A remote colocation data center with continually shifting
assets can be difficult for the IT team to track and maintain.
Knowing what loads are where within the data center can help
simplify the process of capacity planning, along with ensuring
every asset is being fully utilized. Using an asset management
system makes knowing the locations of all rack-mounted data
center equipment a breeze.
One of the most frequently heard complaints about implementing
a data center infrastructure management (DCIM) software tool
is the amount of effort required to enroll assets into the tool, and
then maintenance of the DCIM database over time as systems
are added, removed, or moved about within the data center.
Combining an asset management system (AMTs + AMSs) with a
supported DCIM tool greatly simplifies the upkeep of the DCIM as
the data center is operated and modified over time.
As part of the move to a colocation facility, most IT teams will take a careful look at out how to provide multiple paths to
the control interfaces of their hardware. Good data center design and engineering practice demands it. The most reliable
means of achieving the needed redundancy is through the selection of either a keyboard-video-mouse (KVM) switch, or
else some form of serial console. The Raritan brand of Legrand offers highly reliable, industry leading technology for both
KVM and serial consoles.
Choosing a manufacturer that can support your company’s data center choice, whether to build a data center (“fly solo”)
or move your IT assets into a colocation facility (“go colo”) doesn’t have to be difficult. Working with a vendor with a broad
portfolio of data center products makes the decision easy.
Inoc.net. Audited; Trusted; Redundant; Secure; Uptime;
Security; Accessibility
Switch. Tier 5 Platinum Colocation at tier 2 pricing
CyrusOne. Proven, Innovative Technology; Exceptional
Service; Flexible and Scalable; Built for Tomorrow, Ready
Equinix. Reach everywhere. Interconnect everyone.
Integrate everything. One connection — multiple clouds
QTS. Cloud-ready colocation, on-demand. Redefining the
data center. Visibility. Real-time control. Interconnectivity.
The power of a software-defined data center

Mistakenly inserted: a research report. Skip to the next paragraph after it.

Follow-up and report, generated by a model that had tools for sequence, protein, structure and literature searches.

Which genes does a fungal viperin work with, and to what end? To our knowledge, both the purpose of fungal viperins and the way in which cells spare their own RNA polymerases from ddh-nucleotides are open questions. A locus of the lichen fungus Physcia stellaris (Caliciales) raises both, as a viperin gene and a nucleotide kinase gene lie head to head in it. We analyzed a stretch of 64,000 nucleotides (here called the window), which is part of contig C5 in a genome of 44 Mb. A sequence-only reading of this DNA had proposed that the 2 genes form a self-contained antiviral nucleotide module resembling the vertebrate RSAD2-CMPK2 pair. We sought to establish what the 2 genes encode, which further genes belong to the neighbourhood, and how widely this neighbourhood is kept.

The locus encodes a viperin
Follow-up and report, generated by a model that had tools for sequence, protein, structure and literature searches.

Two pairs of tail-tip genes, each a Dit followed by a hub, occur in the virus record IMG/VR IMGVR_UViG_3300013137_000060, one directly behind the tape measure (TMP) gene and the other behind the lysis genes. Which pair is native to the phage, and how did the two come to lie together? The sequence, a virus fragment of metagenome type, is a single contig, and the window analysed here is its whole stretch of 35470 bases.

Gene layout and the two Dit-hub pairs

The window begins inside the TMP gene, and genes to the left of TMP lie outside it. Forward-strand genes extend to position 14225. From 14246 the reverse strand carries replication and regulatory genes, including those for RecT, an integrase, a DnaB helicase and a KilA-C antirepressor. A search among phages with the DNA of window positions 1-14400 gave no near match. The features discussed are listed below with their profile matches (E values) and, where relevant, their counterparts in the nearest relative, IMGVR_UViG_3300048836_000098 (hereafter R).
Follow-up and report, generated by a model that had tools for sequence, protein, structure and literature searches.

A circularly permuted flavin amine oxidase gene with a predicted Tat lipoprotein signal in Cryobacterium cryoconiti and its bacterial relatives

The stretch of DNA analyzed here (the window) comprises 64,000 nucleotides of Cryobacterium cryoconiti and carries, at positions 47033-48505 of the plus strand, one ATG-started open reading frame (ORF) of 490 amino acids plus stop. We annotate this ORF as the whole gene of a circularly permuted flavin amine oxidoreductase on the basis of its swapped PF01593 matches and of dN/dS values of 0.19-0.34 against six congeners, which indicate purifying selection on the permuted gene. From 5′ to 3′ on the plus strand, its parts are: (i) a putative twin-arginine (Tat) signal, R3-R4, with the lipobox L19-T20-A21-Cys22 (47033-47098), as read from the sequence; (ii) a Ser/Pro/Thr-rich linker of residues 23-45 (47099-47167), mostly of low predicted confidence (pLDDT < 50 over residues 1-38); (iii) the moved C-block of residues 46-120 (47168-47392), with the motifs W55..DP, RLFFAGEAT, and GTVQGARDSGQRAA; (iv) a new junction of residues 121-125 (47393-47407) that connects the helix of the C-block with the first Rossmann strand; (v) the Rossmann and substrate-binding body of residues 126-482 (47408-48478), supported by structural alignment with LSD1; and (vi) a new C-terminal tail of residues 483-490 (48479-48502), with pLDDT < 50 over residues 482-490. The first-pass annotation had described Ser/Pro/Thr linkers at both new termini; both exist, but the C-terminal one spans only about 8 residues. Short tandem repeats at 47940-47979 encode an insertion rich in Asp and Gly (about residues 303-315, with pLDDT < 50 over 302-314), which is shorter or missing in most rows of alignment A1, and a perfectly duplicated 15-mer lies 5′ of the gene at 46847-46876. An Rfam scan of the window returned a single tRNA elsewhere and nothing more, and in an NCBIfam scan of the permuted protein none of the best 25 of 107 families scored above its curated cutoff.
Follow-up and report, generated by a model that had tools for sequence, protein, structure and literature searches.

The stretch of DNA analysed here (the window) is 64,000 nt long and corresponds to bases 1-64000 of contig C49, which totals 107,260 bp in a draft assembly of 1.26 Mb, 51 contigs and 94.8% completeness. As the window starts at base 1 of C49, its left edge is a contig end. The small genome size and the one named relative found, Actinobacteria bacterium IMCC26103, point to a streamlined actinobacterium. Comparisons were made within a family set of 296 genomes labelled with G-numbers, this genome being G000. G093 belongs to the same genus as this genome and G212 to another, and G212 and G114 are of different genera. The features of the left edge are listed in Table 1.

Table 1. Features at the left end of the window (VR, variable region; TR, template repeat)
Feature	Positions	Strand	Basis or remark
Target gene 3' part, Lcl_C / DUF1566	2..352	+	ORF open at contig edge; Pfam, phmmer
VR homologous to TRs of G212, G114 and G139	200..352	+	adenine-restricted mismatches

Telehouse. Reliability; Expertise; Global Reach; Service
Digital Realty. Data centers. Interconnection. Colocation.
Highly reliable power and cooling solutions, physical
security, and an ecosystem of partners
China Telecom. Reliable, engaged, global, tailored,
one-stop solution, flexible
NTT. Global. Managed. Uptime guaranteed. State-of-theart security. Safety. Performance. Reliability. Carrier-class
More than just the largest vendor of intelligent PDUs
worldwide, Legrand also offers a broad range of IT cabinets,
enclosures, network cabinets and racks, patch panels, patch
cords, jacks, cross connects, cable trays, raceways, runways,
cooling and containment solutions for the data center.
Ortronics. Mighty Mo GX, Q-Series, and LX network cabinets,
filler panels, Copper and Fiber Solutions — patch panels,
adapters, jacks, connectors, fiber enclosures, cross connects,
and fiber cleaning tools, fiber raceways, runways
Electrorack. CoVault, Eclipse, Barracuda and Matrix
enclosures and IT cabinets
Raritan. PX3 and PXE intelligent PDUS, rack transfer
switches, sensors, asset tracking, KVM and serial consoles
Quiktron. Copper and Fiber Solutions — patch panels,
patch cords, fiber cassettes, accessories and tools
Server Technology. Build Your Own PDU (HDOT), sensors,
transfer switches and -48VDC PDUs
Cablofil. Wire mesh cable trays and accessories
PMS 032
Server Technology Inc. (775) 284-2000 Tel
1040 Sandhill Road
(800) 835-1515 Toll Free
Reno, Nevada 89521
(775) 284-2065 Fax
[email protected]
©2018 Server Technology, Inc. Version 03/30/2018. Sentry and Server Technology are registered
trademarks of Server Technology Incorporated. Information is subject to change without notice.
Printed in USA, Server Technology offers a wide range of products for North America and Global
markets; for more information visit our website at www.servertech.com
Raritan Americas, Inc.
400 Cottontail Lane
Somerset, NJ 08873
(732) 764-8886 Tel
(800) 724-8090 Toll Free
(732) 764-8887 Fax
[email protected]
©2018 Raritan Inc. All rights reserved. Raritan® is a registered trademarks of Raritan Inc. or its
wholly-owned subsidiaries. All others are registered trademarks or trademarks of their respective
owners. Raritan began developing KVM switches for IT professionals to manage servers remotely
in 1985. Today, as a brand of Legrand, we are a leading provider of intelligent rack PDUs. Our
solutions increase the reliability and intelligence of data centers in 9 of the top 10 Fortune 500
technology companies. V1262